'This is a book of unusual originality and sophistication. In the burgeoning literature of history of statistics, it is one of the first and unmistakably the best to focus on the production and use of economic numbers … He provides wonderful insights into the circumstances of the German economy during this traumatic era. In short, he makes the history of economics and of statistics speak to central questions of the historical development of state and economy in Germany … a work of impressive historical scholarship, a skilful disinterment of issues from a much-worked historical field … This is a superb book, which deserves to be issued in paperback so it can be widely read.' Ted Porter, Journal of Economic History
'This important and interesting book will be of great value not only to discussions of German political economy in the first half of the twentieth century but also to debates about economic knowledge and how it develops … extraordinarily ambitious … compelling reading.' Harold James, Business History Review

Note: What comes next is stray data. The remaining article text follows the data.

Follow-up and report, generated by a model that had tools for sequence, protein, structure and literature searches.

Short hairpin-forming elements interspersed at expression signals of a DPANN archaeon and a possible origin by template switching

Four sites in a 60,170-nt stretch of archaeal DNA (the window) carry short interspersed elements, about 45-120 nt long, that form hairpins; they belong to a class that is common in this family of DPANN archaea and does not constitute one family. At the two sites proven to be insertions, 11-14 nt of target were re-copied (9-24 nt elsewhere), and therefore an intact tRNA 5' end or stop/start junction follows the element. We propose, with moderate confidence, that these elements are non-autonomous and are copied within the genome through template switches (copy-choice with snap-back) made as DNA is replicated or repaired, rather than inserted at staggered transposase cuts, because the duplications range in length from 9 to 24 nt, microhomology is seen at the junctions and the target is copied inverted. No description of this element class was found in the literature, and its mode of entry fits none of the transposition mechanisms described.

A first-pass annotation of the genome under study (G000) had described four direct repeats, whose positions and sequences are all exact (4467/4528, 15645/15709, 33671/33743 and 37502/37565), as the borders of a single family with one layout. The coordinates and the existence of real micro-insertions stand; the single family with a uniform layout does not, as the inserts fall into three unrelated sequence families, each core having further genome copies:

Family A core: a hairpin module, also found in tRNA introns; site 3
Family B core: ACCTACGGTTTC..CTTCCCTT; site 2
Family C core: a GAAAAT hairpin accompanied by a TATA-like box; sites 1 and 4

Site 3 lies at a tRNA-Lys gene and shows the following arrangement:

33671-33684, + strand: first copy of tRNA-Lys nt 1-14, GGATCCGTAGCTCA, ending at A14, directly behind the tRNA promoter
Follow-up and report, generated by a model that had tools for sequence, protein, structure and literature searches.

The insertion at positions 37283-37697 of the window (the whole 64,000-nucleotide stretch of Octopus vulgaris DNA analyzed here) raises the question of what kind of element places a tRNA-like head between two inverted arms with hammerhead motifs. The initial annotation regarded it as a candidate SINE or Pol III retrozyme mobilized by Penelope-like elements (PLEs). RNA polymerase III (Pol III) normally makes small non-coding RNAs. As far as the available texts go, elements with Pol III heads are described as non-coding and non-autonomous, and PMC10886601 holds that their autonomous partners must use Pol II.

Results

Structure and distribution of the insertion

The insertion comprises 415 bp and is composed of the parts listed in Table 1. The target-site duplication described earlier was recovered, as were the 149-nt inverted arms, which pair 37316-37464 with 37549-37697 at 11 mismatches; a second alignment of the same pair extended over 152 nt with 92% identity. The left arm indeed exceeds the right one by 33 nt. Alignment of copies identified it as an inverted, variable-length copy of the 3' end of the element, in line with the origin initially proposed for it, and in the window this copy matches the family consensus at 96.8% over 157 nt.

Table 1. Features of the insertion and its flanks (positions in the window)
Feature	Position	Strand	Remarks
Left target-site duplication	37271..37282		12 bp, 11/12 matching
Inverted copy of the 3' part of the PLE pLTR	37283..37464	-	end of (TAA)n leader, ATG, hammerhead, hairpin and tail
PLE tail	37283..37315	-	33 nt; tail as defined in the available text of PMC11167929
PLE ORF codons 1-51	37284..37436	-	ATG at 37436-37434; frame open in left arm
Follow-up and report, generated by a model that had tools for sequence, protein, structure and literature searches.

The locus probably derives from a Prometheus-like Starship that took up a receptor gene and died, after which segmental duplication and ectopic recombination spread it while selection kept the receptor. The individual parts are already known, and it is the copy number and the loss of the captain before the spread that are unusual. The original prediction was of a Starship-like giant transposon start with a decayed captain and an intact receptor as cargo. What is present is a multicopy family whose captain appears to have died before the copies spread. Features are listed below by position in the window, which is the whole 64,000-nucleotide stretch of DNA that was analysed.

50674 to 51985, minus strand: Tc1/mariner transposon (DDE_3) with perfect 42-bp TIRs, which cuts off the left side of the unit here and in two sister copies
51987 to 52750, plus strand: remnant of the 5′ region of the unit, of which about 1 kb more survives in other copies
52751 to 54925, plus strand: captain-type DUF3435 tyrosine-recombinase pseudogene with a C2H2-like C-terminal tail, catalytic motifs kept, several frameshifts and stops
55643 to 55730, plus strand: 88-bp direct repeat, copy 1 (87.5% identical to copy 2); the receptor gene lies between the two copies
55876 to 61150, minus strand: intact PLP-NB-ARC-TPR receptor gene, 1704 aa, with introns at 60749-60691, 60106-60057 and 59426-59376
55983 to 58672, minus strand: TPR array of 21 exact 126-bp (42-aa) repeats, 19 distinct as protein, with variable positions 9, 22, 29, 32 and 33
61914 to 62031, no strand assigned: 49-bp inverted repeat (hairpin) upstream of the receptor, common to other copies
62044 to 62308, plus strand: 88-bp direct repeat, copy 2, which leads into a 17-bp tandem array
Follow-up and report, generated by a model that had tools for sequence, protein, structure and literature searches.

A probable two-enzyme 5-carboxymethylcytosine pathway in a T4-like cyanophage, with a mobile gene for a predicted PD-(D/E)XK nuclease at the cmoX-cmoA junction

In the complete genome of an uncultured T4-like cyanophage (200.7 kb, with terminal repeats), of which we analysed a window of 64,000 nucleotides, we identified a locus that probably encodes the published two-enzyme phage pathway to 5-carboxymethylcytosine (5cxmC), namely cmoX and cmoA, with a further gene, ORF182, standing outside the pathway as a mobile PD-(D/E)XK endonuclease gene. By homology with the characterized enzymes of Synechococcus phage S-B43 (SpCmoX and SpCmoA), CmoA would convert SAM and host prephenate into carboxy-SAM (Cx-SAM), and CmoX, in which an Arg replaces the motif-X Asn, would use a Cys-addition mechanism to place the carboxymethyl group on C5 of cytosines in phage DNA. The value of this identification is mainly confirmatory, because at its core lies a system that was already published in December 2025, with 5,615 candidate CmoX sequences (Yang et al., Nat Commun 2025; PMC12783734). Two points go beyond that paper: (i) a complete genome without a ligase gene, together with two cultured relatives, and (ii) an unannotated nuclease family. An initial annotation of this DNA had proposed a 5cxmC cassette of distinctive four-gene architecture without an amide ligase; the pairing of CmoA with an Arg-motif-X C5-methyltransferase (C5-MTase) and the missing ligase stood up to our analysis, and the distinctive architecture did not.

'… an original and important book ... a very readable book, stimulating, indeed exciting to the very end.' Knut Borchardt, Historische Zeitschrift
'… a very impressive first book.' Roger Middelton, History of European Ideas
'It has been years since I last read a book that opened up such neglected vistas. However assessed, the first half of this book, particularly, should be … mandatory reading for everyone interested in the history of economic thought …' Mark Perlman, Eh.net
'This is an important book … he provides what is doubtlessly the best existing account of Germany's experimenting with economic policy after World War 1.' Financial History Review
Considers the dramatic innovation in statistics between 1900 and 1945 in the Weimar Republic and the Third Reich. Under the Nazi regime, statistics were the basis for a radical experiment in economic planning. Tooze argues for a more wide-ranging reconsideration of the history of modern economic knowledge.